Shell’s new marketing campaign promotes an “unprecedented spill response approach” including a sub-sea containment system, an upgrade of the drilling rig’s blowout preventer and an enhanced response plan that include teams and equipment at the ready 24 hours a day.
The containment system would include a dome that could be placed over any leak, and a funnel to take any escaping oil to surface ships. A rig would be at the ready to drill a relief well if needed.
“We’ve opted out of the fire department type of approach,” Mr. Slaiby said. “Our assets can be on site and deployed within one hour.”
Shell has also scaled back its initial drilling plans to just one or two wells in the Beaufort Sea. It is postponing drilling in the more remote Chukchi Sea pending separate legal challenges.
The company has the support of Alaska’s state government, which is suing the federal government to overturn the drilling suspension.
Gov. Sean Parnell said the suspension was illegal because the Interior Department did not consult with state officials or consider the local economic consequences.
A federal district court judge in Alaska gave the Interior Department a deadline of Friday to respond to the Alaska suit, with a hearing planned for the end of the month.
The Justice Department responded Friday night with a filing that argued that the state did not have standing to sue in the matter, and that the Interior Department was in the process of considering the application.
“We are taking a cautious approach,” said Kendra Barkoff, an Interior Department spokeswoman.
“Alaska represents unique environmental challenges. We need additional information about spill risks and spill response capabilities.”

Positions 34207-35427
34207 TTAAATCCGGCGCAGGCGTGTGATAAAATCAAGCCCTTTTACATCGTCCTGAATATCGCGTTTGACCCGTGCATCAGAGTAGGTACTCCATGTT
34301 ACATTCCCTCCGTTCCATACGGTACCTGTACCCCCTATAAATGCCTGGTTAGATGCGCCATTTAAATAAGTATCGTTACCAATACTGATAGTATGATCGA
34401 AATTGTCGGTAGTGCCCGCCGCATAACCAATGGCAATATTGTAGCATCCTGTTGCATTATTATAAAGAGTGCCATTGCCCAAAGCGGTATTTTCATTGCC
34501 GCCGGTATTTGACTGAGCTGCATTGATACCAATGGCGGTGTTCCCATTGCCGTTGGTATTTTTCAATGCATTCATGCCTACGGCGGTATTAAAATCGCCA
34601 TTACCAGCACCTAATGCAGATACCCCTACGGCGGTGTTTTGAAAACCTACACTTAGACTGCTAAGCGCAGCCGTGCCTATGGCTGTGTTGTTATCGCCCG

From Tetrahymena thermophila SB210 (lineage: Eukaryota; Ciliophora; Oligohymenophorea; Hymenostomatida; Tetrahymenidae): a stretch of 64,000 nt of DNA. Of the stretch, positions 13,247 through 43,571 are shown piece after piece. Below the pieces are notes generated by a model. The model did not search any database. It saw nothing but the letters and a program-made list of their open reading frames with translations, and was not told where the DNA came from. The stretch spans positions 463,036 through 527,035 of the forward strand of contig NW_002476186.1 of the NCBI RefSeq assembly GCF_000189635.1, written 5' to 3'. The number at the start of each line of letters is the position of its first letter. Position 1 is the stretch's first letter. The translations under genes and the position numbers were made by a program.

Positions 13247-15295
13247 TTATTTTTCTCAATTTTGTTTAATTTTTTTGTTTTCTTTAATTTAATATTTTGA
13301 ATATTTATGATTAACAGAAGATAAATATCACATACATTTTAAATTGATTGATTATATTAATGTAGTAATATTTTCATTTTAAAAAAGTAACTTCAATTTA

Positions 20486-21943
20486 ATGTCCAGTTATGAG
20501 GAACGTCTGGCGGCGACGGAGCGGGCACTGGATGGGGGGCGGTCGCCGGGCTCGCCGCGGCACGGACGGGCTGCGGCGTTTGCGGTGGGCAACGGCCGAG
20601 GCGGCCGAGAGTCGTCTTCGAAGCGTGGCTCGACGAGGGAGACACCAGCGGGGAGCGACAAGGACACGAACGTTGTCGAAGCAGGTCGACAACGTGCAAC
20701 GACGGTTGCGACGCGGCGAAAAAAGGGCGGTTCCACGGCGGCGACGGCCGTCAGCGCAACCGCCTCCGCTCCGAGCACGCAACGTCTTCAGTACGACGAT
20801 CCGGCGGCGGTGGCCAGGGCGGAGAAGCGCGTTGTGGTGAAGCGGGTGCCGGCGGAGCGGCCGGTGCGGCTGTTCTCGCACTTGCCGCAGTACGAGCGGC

Shell’s campaign appears aimed at increasing pressure on the Obama administration to approve the plan. The company is placing ads for the rest of the month in national newspapers, liberal and conservative political magazines and media focused on Congress.
For Shell and others in the oil and gas industry, nothing less than the revival of Alaska’s oil history is at stake.
Alaska is the second-biggest oil-producing state after Texas, but it has suffered a steady production decline since 1988, when output peaked at 2.1 million barrels a day.
With its North Slope fields long past their prime, the Arctic National Wildlife Refuge off-limits to drilling and offshore wells largely untapped, the state today produces about 680,000 barrels a day and the Trans-Alaska Pipeline System is running at one-third of capacity.
To make matters worse, the United States Geological Survey last month cut previous estimates of oil reserves in Alaska’s National Petroleum Reserve, an area preserved by the federal government in case of national emergency, by about 90 percent, to 896 million barrels, approximately what the country consumes in six weeks.
Industry officials say there are as many as 25 billion barrels of oil reserves in the Alaskan Arctic. At the moment, there has been no offshore drilling in Alaskan federal waters since 2003, although there is some production from older wells.
Companies wanting to drill face heavy drilling costs, local opposition and legal challenges from environmental groups that say a potential blowout could endanger critical feeding and spawning grounds for a variety of Arctic species and warn that rough Arctic seas would complicate any containment and cleanup operations.